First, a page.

Welcome to my second edition of Abundant Living. As promised, half the length of the last one! As always, no pressure to pay, I’m happy to have you. If you want to pay…
And otherwise please enjoy and please share. Once I get to 1,000 (free or otherwise) subscriptions, I’ll post my Peter Murphy profile that was killed a while back. I’m also going to eventually add monthly playlists but that’s…later. In the meantime, don’t watch that, watch this!
Last Friday, after a panel discussion on the hosts’ dream gospel supergroup lineups, the Steve Harvey Morning Show ran a regular segment called “Run That Prank.” Run That Prank, as you either know or can probably guess, is a prank call segment. Friday’s call, on the day commemorating Jesus’ crucifixion, was to a minister. The prank caller, comedian Thomas “Nephew Tommy” Miles, pretended to be a chiseler who had attended the pastor’s church once three years ago and now wanted a handout. The minister handled the prank part of the call reasonably well (losing his temper eventually but making it clear that actual congregants were being taken care of) and took in (reasonably) good humor the revelation that the call was all a setup by a minister friend. It certainly could have been more excruciating than it was. But I couldn’t imagine the call left a particularly sweet taste in the mouths of anyone involved. Or maybe I was just irked that none of the hosts’ initial gospel supergroups had Patti LaBelle in the roster. One of them went for Alicia Keys. Mavis Staples didn’t even come up. As a pale and/or Jew (not getting into that convo if you paid me), it certainly wasn’t my place to have an opinion but, still, I will hackle up for any past member of LaBelle…
Steve Harvey’s taste in morning hijinks is, agreed, not my lookout. But I do love weird and weirder social interactions with the living G-d. So, because of this and her recent viral postings, I’ve been thinking about Dolly Parton ever since. And 16 Horsepower because goth, and all of its children, is always on my mind.
I’m a “cultural” Jew. Meaning (if anything) that Zionists consider me a softboi and Nazis, while happily agreeing with the Zionist assessment, would still kill me. I believe in God but not so you’d notice. Most of my pals are atheist/agnostic/borderline sketchy gnostic and my scripture is pretty much:
Don’t do any of the really- top three or four- bad shit most religions agree on.
Give thanks regularly but mainly pray on flights and when my mom is sick.
Don’t read non-music related books blurbed by musicians.
But I also find a lot of my pals’ contempt for religion pretty boring and I generally find music that comes from a place of faith interesting on its face. After all, some, like, say, Ahmad Zahir or Noura Mint Seymali, is essential to anyone who digs any kind of transcendence and/or pop at all. We all love seeker music (especially when it fits within our hep psych or roots framework). I also, despite my background OR probably/definitely because I didn’t have to deal with any of its limitations or oppressions growing up, dig the heck out of some Christian music. And I don’t just mean the admittedly boss yearnin’ and searchin’ in a secular world music of Mountain Goats and Okkervil River but, like, that real Christ On His Cross shit. Not just the faith, but the church. After all, I wouldn’t be a black metal fan if I didn’t like costumes and rules.
As with all my taste, what draws me is a wild hodgepodge. Since I didn’t grow up with it, Christian rock and indie usually just sounds like milder versions of bands I don’t get down with in the first place. There’s nothing wrong with the (trailblazing Christian alt rock label) Tooth & Nail roster, but I don’t fuck with those pedalboard soundscapes when they’re made by English libertines nor by West Coast libertarians so it would be sheer condescension to grok it just because it came from fresh faced Jesus likers. Anyway, who cares about what is likable. Nobody here putting “God is Like” bumper stickers on the rear of their vespas. What I love most, in their two extremely different approaches to and from faith and how they’re received by music fans, is America’s (only undisputed) sweetheart Dolly Parton and the slightly less adored music of Denver, Colorado’s greatest rockabilly goth country export, 16 Horsepower.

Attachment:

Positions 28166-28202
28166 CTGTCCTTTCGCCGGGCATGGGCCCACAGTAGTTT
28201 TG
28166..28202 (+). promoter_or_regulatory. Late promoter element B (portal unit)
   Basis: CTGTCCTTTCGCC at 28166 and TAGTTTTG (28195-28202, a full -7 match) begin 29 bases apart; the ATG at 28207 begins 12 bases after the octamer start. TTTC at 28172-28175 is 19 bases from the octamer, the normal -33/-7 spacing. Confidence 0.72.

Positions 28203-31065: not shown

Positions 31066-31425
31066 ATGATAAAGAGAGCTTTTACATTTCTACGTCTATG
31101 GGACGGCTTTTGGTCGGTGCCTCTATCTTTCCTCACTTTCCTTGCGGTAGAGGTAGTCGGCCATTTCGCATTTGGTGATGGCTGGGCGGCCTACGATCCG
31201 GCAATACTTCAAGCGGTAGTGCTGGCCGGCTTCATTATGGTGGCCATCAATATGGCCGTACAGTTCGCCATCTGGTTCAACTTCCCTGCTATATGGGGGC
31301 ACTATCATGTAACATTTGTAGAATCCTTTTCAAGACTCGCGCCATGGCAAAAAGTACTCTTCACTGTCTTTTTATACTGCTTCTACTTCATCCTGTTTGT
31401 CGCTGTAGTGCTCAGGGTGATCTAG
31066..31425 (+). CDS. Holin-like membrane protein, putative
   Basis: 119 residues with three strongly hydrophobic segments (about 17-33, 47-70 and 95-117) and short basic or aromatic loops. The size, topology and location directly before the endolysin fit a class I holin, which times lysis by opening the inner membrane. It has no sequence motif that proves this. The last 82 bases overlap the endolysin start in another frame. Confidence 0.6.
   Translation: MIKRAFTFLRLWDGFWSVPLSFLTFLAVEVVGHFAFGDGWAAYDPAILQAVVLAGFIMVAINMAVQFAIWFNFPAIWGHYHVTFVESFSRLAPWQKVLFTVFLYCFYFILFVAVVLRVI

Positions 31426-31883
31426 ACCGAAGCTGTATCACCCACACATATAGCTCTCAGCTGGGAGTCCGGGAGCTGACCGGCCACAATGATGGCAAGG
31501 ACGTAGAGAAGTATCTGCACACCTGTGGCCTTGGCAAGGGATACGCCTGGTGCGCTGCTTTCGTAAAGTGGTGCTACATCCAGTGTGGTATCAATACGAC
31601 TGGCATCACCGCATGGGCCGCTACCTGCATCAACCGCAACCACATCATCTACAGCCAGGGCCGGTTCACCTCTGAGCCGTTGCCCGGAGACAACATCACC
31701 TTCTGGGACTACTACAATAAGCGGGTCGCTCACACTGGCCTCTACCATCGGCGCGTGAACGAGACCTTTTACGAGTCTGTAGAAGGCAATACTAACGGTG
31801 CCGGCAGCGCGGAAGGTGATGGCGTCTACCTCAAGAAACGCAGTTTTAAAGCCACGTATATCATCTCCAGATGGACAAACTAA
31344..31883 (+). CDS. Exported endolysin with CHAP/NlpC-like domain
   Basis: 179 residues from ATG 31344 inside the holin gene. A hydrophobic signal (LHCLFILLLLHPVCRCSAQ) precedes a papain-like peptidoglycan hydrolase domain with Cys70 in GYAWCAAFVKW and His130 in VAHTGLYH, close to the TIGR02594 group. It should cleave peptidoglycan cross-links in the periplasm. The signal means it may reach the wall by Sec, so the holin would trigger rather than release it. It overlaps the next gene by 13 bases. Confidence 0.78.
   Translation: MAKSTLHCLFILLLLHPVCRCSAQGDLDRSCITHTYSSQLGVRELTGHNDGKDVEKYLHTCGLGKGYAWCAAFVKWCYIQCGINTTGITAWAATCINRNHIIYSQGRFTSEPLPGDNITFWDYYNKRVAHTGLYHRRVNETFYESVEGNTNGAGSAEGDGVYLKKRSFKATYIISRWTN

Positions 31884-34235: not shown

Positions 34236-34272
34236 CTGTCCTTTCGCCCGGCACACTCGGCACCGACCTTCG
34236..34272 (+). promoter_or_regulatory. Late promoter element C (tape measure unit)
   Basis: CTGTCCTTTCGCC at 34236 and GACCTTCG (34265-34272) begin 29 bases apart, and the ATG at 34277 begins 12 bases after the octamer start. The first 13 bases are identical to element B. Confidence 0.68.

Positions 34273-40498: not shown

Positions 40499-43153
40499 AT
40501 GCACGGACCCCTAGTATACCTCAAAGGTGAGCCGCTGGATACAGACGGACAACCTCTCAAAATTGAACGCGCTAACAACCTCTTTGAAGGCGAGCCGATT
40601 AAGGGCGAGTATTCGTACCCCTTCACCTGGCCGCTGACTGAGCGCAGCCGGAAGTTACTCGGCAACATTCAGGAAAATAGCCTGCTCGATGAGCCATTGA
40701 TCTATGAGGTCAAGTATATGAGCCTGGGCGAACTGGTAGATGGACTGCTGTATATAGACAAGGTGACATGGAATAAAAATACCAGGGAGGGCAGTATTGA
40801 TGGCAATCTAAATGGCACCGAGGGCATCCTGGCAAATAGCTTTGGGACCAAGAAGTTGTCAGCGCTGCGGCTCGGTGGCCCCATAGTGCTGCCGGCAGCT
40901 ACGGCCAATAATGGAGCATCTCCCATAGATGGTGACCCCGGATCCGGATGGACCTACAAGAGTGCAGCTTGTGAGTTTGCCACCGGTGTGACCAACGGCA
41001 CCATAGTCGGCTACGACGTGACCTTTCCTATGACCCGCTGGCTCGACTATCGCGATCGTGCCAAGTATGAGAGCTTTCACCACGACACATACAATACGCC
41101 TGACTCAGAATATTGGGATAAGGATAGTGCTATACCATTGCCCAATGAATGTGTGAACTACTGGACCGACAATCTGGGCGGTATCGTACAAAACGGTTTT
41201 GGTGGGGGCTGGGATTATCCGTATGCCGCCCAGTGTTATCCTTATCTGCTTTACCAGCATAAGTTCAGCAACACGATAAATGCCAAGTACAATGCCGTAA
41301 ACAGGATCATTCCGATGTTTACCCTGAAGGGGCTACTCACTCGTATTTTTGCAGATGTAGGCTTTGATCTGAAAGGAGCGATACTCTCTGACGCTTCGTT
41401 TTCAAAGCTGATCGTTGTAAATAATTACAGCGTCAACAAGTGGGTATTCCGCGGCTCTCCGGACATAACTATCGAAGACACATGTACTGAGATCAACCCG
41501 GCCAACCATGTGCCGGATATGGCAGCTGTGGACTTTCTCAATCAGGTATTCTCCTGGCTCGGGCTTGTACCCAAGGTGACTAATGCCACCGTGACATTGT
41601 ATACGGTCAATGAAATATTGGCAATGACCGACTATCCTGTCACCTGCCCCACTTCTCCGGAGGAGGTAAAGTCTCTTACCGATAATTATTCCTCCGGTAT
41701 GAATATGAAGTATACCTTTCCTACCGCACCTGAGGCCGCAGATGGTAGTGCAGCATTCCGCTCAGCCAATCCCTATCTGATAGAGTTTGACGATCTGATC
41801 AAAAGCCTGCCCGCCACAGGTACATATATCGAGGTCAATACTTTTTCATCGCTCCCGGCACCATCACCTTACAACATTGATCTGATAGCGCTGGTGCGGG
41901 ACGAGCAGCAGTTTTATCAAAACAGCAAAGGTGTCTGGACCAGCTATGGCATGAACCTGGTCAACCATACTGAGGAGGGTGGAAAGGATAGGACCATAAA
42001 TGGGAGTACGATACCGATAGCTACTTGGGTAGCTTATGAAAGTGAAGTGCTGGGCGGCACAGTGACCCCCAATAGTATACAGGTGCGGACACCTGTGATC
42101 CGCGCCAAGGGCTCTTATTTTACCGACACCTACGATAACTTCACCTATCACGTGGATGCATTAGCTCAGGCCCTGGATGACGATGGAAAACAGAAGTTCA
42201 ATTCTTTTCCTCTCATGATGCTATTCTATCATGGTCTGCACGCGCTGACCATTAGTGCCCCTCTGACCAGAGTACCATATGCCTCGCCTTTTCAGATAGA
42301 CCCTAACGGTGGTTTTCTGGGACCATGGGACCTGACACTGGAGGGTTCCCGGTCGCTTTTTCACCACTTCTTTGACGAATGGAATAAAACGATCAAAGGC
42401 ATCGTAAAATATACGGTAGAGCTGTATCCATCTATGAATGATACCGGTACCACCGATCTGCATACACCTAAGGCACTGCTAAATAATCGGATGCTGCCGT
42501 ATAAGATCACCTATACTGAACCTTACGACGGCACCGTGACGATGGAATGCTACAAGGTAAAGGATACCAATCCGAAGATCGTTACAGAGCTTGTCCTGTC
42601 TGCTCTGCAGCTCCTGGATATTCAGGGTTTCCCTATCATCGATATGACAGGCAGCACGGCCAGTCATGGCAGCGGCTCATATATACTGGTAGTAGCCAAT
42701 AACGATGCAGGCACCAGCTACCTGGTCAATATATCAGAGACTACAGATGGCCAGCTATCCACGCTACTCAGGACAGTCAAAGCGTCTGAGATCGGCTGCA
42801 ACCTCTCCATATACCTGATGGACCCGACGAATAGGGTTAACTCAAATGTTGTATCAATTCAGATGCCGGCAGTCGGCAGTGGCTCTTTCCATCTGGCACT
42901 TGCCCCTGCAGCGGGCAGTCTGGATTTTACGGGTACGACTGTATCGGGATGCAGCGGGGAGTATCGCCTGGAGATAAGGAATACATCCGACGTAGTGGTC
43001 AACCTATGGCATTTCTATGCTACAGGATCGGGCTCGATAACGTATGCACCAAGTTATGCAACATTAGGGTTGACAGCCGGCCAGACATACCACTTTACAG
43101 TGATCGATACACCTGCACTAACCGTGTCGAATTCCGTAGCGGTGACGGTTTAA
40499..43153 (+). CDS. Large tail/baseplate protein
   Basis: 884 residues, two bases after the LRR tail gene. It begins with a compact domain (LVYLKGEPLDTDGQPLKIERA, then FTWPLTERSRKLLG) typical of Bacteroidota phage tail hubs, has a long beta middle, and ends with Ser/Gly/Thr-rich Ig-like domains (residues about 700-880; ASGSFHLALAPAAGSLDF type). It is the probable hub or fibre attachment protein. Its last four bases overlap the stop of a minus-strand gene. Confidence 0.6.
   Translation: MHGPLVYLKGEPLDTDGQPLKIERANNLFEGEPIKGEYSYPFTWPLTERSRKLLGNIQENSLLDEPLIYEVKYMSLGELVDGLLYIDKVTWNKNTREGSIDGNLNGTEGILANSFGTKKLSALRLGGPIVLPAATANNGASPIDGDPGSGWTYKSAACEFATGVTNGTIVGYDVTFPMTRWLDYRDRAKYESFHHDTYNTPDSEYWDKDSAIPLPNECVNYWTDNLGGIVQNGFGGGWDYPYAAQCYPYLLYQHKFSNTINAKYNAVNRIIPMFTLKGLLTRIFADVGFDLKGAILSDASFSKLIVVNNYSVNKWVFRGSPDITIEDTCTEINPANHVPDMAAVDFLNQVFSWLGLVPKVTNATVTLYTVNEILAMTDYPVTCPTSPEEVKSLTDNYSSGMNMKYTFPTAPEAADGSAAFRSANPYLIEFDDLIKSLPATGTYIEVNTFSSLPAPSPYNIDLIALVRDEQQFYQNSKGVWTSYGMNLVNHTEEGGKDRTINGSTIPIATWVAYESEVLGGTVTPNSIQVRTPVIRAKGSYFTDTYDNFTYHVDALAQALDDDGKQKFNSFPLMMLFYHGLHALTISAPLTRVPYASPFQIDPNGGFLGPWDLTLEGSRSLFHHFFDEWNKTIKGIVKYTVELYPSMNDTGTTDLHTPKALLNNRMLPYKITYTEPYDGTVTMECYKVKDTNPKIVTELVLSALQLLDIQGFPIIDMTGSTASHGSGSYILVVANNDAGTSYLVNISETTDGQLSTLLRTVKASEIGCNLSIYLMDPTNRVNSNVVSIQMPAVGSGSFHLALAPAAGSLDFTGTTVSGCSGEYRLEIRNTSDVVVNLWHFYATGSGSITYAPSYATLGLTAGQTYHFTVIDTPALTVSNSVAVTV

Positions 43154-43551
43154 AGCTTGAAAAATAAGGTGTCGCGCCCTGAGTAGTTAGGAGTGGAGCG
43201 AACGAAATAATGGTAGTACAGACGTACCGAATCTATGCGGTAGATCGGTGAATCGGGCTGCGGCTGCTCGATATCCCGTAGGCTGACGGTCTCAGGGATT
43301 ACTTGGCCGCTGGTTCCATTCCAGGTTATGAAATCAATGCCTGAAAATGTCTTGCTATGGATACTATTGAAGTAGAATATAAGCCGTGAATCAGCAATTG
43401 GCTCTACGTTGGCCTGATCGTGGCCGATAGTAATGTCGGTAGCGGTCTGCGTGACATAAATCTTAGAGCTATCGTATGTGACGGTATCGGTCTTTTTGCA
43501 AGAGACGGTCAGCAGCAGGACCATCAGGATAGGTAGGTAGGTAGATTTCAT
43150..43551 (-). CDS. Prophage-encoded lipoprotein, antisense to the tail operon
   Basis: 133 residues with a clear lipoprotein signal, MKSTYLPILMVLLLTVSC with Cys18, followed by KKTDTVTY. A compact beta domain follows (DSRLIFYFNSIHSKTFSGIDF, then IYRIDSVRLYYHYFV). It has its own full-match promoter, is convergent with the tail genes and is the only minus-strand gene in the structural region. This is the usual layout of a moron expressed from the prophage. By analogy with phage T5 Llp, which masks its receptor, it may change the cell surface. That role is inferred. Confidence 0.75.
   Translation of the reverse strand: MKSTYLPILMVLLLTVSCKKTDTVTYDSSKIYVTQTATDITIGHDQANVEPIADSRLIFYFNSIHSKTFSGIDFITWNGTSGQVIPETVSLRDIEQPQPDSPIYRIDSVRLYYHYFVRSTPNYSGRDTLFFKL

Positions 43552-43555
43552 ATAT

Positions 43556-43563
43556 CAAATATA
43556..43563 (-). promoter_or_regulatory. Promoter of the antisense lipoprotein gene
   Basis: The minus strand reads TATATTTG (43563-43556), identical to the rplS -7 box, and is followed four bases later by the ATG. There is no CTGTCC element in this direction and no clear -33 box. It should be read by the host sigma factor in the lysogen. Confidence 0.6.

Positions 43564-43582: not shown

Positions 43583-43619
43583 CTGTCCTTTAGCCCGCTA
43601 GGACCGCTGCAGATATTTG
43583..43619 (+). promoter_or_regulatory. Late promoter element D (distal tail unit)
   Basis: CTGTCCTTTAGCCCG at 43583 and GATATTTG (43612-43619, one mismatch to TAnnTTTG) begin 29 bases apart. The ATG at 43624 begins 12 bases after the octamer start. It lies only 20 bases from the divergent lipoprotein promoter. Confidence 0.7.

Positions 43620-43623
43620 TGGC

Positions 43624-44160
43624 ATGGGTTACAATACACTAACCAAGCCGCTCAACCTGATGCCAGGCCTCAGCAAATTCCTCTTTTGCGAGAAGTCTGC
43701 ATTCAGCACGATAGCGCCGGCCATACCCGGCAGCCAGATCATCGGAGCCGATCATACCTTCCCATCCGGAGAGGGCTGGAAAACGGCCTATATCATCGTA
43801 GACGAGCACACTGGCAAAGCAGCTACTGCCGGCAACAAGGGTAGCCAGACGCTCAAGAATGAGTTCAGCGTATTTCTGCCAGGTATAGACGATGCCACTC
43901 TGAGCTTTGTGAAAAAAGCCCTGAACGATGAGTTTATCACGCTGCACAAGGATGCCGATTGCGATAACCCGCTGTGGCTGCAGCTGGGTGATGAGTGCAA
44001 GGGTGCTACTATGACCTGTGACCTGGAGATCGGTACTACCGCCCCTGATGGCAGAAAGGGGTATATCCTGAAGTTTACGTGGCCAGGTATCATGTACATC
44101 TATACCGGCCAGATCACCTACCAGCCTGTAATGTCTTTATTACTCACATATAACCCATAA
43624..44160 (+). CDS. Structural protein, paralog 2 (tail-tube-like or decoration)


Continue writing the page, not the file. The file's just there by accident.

(Hedging Sidenote 1: I realize neither of these are particularly controversial choices and a fair segment of their respective fandom is made up of dilettante hipsters- an appellation I’d be delusional to deny- but I save my contrarianism for twitter and day to day life. Here in my newsletter… I am of my people!) (I’m also arguing that both artists’ faiths aren’t fully considered by my fellow d. hipsters and that ignores a key aspect of their art. So, in my on-brand insistence that even those who like what I like don’t like it correctly, you’re still getting your money’s worth.)
For most, Dolly Parton doesn’t need a musical or cultural explainer. Everyone, whether one, before hearing a note of her music, repeated jokes on the playground about her inability to see her own shoes, or grew up with parents/grandparents playing “Coat of Many Colors” or just, at any point in time, owned a TV or radio, knows who Dolly Parton is. There was a period, after Best Little Whorehouse in Texas and back when people still said things like “I like everything but rap and country” without everyone in a country mile rolling their eyes, that she was as known in popular culture more for her sheer Dollyness than her music, but I (like to) think that that’s no longer the case. Not that she ever seemed to mind. Part of her appeal is the self effacement that puts “it costs a lot of money to look this cheap” in the quotation books. You can enjoy a good cry of shared grief watching Parton tear up talking about Kenny Rogers even if you’re one of the rare apostates who doesn’t consider “Jolene” one of the greatest songs of the last thousand years. (“Jolene” is not currently my favorite Dolly Parton song. It’s probably second to “The Bargain Store” in my heart. The Hagia Sophia is not my favorite building either but facts is facts.)
There are critics far better equipped to discuss the specific genius of Dolly Parton’s music. I’m admittedly one of those “Notes and Chords Mean Nothing To Me” types that people who bemoan contemporary criticism’s focus on culture over “the music, man” hold in (perfectly reasonable) contempt. Just because I sing in a band doesn’t mean I know how any of this stuff works. Conversely, in 2007, Pitchfork gave Jolene a 5.8 so it’s not like knowing what one is talking about means one knows what one is talking about. Regardless, much as I love all of Parton’s music, from the so-called schmaltz to the gospel lite-funk of “Here I Am” to 2008’s self-referentialy slick Backwoods Barbie (which I bought at Union Square Virgin Megastore RIP) to her (better than the original) cover of “Stairway to Heaven” to her Easter song “He’s Alive” (because by the end it sounds like a Sisters of Mercy song), that’s not what I’m thinking about this week.